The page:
A CITY hospital which was shut and earmarked for sale less than a year ago is now to play a vital role in the Lothian health service for years to come, NHS bosses have admitted.
The Royal Victoria Hospital closed its doors in August after it was replaced with a state-of-the-art £44 million building at the Western General Hospital, before a crisis over beds led to it reopening in November.
Then, NHS Lothian insisted it was brought back as a “temporary alternative” for months, but the health board today confirmed it would remain open for “the medium to long term”.
Five wards, in addition to the two that are already open, are set to be refurbished with NHS Lothian saying the move would provide extra flexibility in beds for older patients.
Health bosses came under fire for performing the dramatic U-turn, which critics said was evidence of chaotic planning in the NHS.
Labour Lothians MSP Sarah Boyack said: “It’s not clear whether the Royal Vic is coming or going and the position seems to change by the month. NHS Lothian clearly needs to think creatively to stretch resources to meet growing demand but there seems to be no clear sense of direction.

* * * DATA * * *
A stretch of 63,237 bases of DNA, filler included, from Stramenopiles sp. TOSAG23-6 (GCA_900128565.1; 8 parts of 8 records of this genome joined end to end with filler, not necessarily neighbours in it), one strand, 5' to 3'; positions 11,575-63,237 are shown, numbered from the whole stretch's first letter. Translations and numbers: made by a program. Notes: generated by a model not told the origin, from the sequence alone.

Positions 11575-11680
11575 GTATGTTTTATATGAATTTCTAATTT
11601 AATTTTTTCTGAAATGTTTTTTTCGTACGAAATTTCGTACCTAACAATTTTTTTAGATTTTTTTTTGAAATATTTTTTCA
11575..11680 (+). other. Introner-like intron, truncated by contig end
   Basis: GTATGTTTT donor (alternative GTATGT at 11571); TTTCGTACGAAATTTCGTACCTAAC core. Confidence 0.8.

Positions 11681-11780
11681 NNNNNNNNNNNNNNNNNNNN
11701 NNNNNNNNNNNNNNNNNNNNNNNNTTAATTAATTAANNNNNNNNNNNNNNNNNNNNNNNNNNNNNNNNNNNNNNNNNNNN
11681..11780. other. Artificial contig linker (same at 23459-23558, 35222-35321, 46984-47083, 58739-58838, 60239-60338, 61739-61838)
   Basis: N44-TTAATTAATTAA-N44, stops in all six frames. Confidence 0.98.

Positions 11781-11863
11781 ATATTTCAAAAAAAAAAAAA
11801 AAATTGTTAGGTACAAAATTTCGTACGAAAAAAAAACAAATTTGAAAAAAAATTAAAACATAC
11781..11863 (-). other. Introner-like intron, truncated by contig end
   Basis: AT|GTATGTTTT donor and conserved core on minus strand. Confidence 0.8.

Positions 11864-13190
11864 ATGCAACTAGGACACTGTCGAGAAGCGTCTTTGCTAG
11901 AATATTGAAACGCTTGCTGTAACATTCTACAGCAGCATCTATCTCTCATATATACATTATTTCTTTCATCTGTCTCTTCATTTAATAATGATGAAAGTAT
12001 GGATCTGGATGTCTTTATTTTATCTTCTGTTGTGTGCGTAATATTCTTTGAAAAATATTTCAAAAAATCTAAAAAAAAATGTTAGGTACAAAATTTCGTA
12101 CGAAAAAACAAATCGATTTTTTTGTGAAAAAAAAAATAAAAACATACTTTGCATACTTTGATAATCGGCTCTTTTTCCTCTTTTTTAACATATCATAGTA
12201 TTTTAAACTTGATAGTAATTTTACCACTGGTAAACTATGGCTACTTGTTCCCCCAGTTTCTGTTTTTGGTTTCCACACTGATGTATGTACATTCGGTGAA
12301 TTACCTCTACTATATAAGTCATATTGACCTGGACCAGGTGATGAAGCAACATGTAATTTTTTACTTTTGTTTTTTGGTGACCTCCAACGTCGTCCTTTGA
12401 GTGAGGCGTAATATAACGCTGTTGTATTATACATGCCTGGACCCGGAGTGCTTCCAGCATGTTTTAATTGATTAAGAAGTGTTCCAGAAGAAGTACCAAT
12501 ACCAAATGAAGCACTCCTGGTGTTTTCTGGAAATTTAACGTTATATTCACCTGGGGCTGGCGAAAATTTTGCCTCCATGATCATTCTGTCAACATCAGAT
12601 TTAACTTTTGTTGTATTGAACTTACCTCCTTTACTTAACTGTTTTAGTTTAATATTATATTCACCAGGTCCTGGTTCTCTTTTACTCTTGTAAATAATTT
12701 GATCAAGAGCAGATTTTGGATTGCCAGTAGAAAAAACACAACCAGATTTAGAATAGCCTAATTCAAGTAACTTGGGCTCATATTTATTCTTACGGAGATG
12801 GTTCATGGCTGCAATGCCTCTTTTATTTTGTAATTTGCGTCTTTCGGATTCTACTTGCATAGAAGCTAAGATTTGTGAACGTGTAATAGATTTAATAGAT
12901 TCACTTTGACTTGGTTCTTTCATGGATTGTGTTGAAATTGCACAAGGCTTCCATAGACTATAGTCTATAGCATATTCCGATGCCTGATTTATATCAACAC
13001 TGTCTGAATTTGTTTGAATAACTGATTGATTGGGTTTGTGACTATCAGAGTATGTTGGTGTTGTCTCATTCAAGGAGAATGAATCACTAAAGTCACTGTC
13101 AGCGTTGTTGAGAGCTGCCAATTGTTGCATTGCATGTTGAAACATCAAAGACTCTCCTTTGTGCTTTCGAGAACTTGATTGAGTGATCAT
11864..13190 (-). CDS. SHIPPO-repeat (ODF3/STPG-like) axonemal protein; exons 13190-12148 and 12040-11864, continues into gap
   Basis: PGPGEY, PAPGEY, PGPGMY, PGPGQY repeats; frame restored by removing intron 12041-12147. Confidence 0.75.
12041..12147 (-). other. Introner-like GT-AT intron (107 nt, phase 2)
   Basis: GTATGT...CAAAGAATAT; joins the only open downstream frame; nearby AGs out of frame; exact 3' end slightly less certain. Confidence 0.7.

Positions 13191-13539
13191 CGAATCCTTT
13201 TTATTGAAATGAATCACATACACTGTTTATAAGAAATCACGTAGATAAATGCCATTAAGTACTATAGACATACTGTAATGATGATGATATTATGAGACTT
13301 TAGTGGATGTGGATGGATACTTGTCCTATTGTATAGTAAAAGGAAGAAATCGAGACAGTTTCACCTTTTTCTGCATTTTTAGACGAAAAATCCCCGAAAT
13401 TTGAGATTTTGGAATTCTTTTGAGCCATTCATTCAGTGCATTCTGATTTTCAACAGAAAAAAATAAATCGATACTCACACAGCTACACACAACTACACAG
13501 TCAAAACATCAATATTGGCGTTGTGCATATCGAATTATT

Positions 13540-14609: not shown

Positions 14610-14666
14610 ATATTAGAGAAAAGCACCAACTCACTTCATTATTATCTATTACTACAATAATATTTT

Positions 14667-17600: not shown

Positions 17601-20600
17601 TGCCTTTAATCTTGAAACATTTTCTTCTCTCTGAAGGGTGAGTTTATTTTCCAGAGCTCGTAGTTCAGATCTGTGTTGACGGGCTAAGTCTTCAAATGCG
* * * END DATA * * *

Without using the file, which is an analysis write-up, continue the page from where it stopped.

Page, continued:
“Less than a year ago this hospital was deemed surplus to requirements and now it seems set to remain to provide older people’s services alongside the facility built to replace it.
“This raises serious questions about long-term planning at the board and funding to implement it.”
Just seven months ago, NHS Lothian said it was pressing ahead with the sale of the hospital and revealed it was working on a planning and design brief for potential purchasers.
Tory MSP and health spokesman Jackson Carlaw said: “It will be baffling for patients how a hospital can be closed down and rebuilt elsewhere, only for the old building to be reopened temporarily, before having a major refurbishment.
“This is an issue the health board needs to get to grips with at once.”
Professor Alex McMahon, director of strategic planning, performance reporting and information at NHS Lothian, said appraisal work would be carried out to find out the costs of bringing another five wards up to standard.
He added: “We have taken the decision to retain the Royal Victoria Hospital for the medium to long term to provide us with additional flexibility in the number of beds available for older people’s services.
“This is one of a range of options we are looking at to increase capacity within our older people’s services and to allow us to look at transferring some services from other sites into accommodation which better meets the needs of this patient group.”